“I’m getting tired of stepping over shit and piss and people screaming incomprehensible things, i’d like to go to a nice apartment with plants and books, have breakfast with a friend and discuss intellectual things. Have you heard of the pathology of anthrolpologists who sometimes can’t connect back to their original culture after being in the field so long? They are stuck in between two worlds and just lose it. I worry this could happen to me, being in this whole skid row hotel world makes it hard for me to smoothly fit in to other social situations – at CalArts or something. Its kind of screwing me up. I have to be conscious of who am and where I come from or I’ll end up…..” she opens her hand towards the crazy man holding his pink blanket by the trash cans across the street.

What’s life like living on skid row?

“You must accept things how they are. You don’t have power to change anything. You’re gonna eat crappy food, its unhealthy, you’ll develop a limp or a heart problem. You accept there’s toxic air streaming into your lungs and I wake up with my throat hurting even though I quite smoking a month ago, everything is bleak so I go have a beer at noon and breakfast is $2.95 but who knows what the salmonella situation is? She wipes off the counter but it just moves the grease, and how can you fuck up eggs? It becomes a task where I have to force it down, force the food down. When I smoked it was easier because I could choke it down and then go smoke.”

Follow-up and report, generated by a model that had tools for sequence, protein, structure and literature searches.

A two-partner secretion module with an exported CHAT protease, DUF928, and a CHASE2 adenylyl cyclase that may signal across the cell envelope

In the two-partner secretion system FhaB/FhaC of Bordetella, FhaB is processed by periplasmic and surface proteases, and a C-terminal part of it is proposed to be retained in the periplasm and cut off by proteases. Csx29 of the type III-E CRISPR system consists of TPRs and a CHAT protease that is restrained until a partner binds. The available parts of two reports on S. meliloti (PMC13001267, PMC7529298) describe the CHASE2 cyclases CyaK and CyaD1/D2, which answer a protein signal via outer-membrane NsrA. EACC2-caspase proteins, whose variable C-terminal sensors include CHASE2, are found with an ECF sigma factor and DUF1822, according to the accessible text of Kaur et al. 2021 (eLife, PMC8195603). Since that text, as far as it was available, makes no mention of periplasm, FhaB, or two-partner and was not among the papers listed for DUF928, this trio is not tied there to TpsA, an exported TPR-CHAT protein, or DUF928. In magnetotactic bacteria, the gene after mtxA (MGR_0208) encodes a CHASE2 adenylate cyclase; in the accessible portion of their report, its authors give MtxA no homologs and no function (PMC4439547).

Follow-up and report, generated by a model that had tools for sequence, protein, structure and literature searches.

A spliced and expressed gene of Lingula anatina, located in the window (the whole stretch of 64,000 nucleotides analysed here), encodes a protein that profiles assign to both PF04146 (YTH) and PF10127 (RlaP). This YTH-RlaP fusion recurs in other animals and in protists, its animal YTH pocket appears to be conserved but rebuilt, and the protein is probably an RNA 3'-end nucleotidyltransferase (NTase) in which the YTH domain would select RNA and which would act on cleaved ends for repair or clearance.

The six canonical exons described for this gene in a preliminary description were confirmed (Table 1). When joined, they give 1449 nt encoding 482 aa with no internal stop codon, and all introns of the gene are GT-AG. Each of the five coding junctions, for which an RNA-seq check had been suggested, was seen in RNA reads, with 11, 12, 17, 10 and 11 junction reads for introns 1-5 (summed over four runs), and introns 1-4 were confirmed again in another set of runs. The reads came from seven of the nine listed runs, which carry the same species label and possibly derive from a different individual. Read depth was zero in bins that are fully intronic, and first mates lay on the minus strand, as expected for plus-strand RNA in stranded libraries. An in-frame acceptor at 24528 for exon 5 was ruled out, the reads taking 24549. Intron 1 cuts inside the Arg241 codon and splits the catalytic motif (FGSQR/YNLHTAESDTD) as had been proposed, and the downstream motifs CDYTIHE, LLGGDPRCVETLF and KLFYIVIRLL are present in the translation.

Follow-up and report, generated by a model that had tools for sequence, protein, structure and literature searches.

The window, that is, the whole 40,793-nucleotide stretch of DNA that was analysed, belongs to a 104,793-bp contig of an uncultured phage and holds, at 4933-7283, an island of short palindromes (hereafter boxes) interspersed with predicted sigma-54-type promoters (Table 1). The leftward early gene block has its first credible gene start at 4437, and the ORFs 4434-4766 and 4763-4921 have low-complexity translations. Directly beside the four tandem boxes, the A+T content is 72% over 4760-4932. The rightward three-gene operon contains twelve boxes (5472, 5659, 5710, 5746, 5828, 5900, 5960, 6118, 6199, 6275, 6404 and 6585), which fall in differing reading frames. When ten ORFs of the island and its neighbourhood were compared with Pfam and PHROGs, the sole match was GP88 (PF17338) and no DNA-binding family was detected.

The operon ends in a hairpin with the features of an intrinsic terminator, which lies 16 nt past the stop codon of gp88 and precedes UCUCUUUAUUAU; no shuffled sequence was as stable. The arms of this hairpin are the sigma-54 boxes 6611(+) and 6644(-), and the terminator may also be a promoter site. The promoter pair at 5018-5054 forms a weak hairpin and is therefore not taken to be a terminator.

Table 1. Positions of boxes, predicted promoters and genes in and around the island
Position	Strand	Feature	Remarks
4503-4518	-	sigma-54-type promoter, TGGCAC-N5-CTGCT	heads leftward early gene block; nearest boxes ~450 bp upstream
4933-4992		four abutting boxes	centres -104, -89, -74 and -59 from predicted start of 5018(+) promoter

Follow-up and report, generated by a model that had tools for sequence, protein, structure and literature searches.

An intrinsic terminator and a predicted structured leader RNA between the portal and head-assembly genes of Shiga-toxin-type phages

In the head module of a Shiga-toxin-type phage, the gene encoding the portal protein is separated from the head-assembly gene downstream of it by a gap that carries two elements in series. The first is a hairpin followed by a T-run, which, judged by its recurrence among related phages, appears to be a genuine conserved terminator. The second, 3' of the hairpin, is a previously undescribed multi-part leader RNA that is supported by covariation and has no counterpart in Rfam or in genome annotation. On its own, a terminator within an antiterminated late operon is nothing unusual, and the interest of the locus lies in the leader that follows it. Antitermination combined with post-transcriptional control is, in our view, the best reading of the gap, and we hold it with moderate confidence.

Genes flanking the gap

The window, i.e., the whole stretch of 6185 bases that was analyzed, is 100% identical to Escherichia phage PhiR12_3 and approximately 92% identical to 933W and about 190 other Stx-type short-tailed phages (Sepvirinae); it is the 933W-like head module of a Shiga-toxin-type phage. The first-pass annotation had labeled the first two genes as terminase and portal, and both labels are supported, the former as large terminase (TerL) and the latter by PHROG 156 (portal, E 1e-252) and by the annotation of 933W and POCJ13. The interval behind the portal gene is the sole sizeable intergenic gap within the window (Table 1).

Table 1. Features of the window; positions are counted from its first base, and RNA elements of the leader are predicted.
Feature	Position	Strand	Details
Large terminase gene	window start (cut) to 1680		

What’s this world like down here?

“Its normal that crowds of people are hanging out, there’s weird street rules: don’t stand on this street corner too long, walk fast through here, don’t use the sidewalk here, knowing when to say hello or not say a word…
Who ever I walk with it becomes a whole different experience. A whole different experience if I walk by myself than with Willy, who’s an African American male who helps me with the movie. When he walks by himself, people don’t stare, other black males say ‘whats up’, someone might ask him about when the mission opens – me, I don’t get that question ever.
When we were walking together, a random car stopped and asked if I needed a taxi…